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GPS Buyer's Guide To Car Navigation Systems

Find an auto GPS for your car with our expert's tips on buying and using personal navigation devices from TomTom, Garmin, and Magellan.
Tips For Using And Keeping Your GPS Safe

A good GPS is so intuitive you may never need to read the manual. One way to avoid this painful process and still learn about what your GPS can do, is to simply go through each of the menu screens and check out the various options. Some models are easier to learn than others though. Both Garmin and TomTom have a reputation for an intuitive interface. Generally speaking, Garmin devices are the simplest to use while TomTom offers more flexibility.

Keeping Your GPS Safe From Theft

GPS receivers are very attractive to crooks. It takes less than a minute for a "smash and grab" thief to break your window and steal your GPS. Hiding or taking your unit with you aren't the only precautions you should take. Suction cup mounts leave telltale marks on the windshield. Wipe these down with a microfiber cloth or consider purchasing a different type of mounting system, like the popular friction mounts.

Should You Update? Your GPS should come with the most recent maps available. Most manufacturers make new maps available annually, for a fee. Should you update or not? If you're in a fast growing metropolitan area, probably so. Otherwise, you'll probably be OK skipping a year. And if you like to upgrade devices to get the latest technology, you can always just buy a new unit.

Future Directions In Auto GPS

The technologies that drive personal navigation devices are moving forward quickly, and vendors keep making these devices more powerful and harder to resist. Let's take a brief look and see what's coming down the road for GPS receivers. In the next few months, expect to see devices that include the following:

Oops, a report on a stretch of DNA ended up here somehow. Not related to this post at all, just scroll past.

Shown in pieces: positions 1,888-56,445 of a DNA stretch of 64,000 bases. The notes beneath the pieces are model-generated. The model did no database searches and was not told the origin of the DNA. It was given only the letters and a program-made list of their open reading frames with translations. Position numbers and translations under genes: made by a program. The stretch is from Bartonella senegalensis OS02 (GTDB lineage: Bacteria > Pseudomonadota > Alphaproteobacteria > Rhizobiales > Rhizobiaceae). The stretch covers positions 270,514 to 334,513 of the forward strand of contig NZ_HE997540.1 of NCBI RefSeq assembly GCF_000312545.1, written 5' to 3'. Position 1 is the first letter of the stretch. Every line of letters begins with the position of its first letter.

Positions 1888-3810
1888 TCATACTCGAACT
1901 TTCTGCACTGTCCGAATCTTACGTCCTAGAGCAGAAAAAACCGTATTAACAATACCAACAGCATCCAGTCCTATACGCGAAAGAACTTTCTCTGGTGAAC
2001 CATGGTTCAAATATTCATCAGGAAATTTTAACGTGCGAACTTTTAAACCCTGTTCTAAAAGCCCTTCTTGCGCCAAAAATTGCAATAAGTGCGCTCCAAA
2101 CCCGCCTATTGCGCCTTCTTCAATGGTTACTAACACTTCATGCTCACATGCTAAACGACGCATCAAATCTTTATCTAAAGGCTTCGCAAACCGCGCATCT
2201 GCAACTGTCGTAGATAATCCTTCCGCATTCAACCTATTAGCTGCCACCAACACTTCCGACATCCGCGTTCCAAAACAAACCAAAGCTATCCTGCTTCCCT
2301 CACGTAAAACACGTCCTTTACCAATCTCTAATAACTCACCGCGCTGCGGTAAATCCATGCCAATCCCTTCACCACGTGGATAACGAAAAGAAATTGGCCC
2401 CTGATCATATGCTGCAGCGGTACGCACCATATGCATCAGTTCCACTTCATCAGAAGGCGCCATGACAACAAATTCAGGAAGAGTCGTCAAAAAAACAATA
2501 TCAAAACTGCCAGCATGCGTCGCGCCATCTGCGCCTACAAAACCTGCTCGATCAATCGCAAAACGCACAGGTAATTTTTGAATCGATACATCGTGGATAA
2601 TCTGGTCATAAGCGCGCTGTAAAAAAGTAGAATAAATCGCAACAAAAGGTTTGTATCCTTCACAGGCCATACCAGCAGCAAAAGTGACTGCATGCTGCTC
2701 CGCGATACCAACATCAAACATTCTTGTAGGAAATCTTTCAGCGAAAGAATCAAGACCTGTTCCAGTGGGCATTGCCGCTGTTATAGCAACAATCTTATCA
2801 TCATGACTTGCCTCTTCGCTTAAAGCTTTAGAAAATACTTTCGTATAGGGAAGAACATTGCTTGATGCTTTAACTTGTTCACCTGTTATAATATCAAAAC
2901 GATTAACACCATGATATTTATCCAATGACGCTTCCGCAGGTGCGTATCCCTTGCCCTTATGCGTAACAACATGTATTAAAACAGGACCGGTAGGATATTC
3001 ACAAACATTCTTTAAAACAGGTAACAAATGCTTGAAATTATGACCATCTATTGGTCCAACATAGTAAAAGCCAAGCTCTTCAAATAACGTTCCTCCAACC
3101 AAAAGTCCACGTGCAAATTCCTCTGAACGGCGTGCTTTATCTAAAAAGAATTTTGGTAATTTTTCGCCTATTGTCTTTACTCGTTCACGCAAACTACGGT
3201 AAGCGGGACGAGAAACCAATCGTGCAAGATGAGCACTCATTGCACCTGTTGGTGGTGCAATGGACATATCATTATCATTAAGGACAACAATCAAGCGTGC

Internet Search: The Dash Express, reviewed here, and here is said to feature Yahoo! Local search, while the Magellan Maestro Elite 5340+GPRS will utilize Google Local search. Instead of just finding the nearest ethnic restaurant, you'll be able to see reviews and ratings too. Expect to pay a premium for these units, along with a monthly fee for the data, which is typically provided over a cellular connection. At this writing Amazon is taking pre-orders for the Dash Express. The price is $399.99.




The Dash Express offers Internet search and "crowd-sourced" traffic data.
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Historical Average Speeds: Most GPS receivers currently estimate your transit time (and best route) based on the posted speed limit. The new TomTom 730 and 930 will use historical average speed data, routing you different ways depending upon the day of the week or time of day.

Crowd-sourcing Traffic: The Dash Express takes traffic intelligence even further, by also using live, anonymous cell phone data from other Dash users to calculate the best route based on current conditions. Of course, it will take a certain critical mass of Dash users for this to work.

Before You Buy

Now is a great time to buy a GPS. Prices are still dropping, though not as fast as in the past. One current trend has high-end features migrating down to entry-level units, so shoppers are now getting more bang for their buck. One special tip for buying a GPS -- be sure to read reviews, including those written by actual consumers. These can be found at Amazon, CNet and other locations online. Navigate your browser to my own site, GPS Tracklog, where I've posted reviews of more than 100 GPS models, and I'm always willing to answer questions posted by readers.